The Internet of Things (IoT) is an umbrella term that covers many groups of related concepts, but in essence, these concepts share the following features: distributed intelligence, multiple interconnected sensors/actuators and decentralized control. In practice, IoT means that certain spaces, environments or objects can be made “smart” by incorporating sensors that can communicate to make them behave intelligently. IoT examples include offices that adjust themselves to ambient light levels or to human presence, machines that monitor their own health or homes that learn our daily routines to automatically save energy without compromising on our comfort.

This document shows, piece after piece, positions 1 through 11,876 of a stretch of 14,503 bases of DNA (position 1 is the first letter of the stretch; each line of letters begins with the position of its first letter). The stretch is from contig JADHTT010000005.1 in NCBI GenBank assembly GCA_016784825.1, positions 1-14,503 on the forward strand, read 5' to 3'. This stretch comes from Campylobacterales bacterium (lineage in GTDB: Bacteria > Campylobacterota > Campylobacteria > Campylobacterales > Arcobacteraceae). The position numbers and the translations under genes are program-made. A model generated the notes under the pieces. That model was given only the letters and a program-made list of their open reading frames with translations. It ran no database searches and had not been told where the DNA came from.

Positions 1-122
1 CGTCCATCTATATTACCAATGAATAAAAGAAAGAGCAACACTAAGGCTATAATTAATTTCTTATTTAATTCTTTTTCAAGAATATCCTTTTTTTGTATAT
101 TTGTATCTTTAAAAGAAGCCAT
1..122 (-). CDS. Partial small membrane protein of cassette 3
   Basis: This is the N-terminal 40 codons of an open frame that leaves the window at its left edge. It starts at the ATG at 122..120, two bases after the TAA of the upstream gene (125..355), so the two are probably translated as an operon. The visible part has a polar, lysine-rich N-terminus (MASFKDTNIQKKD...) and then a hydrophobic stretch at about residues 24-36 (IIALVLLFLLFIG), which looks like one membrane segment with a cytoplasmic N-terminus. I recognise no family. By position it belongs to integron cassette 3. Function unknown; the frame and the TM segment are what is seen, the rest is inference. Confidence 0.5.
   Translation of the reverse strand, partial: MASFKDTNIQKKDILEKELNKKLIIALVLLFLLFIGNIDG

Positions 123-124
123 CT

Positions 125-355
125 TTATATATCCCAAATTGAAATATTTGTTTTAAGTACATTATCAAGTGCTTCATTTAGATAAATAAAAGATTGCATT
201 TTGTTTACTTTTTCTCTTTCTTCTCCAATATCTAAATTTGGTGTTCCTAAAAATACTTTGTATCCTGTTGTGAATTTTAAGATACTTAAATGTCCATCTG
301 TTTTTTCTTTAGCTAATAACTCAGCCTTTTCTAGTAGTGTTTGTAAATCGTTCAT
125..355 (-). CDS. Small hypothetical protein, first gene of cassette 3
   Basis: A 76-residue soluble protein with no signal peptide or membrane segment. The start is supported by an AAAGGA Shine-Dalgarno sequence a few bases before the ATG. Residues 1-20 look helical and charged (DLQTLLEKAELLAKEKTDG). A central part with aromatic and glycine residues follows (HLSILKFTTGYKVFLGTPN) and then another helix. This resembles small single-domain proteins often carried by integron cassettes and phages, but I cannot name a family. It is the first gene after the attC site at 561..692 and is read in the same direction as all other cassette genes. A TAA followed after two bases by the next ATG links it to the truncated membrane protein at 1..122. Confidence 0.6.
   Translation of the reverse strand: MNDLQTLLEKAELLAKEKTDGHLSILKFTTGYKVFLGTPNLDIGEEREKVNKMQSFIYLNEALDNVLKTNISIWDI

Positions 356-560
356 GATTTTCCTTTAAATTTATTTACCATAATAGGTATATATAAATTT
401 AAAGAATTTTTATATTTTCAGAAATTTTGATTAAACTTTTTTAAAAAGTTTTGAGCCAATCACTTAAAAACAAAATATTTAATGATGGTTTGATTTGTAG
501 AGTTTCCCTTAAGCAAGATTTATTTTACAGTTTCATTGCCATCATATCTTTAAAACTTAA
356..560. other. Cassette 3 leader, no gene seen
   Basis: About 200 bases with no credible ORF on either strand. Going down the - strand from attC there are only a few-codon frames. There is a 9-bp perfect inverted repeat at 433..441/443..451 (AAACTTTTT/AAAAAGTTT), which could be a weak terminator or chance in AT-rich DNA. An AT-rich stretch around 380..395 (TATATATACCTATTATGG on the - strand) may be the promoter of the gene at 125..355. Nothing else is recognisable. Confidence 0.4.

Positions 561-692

All of this new technology needs power: either highly efficient, low standby consumption AC/DC power supplies that can be used in a smart office with hundreds of intelligent sensor nodes, very low input current switching regulators that can scavenge power from the output of a wired sensor, low cost isolated DC/DC power supplies for multiple input channels or a very low input voltage boost converter to generate a useful power supply from a single battery cell. Not every power supply is suitable for an IoT application. They must be highly efficient at both low load and full load, they must be space-saving, they must be reliable and, above all, they must be affordable as they will be as ubiquitous as the sensors, processors and actuators that they supply.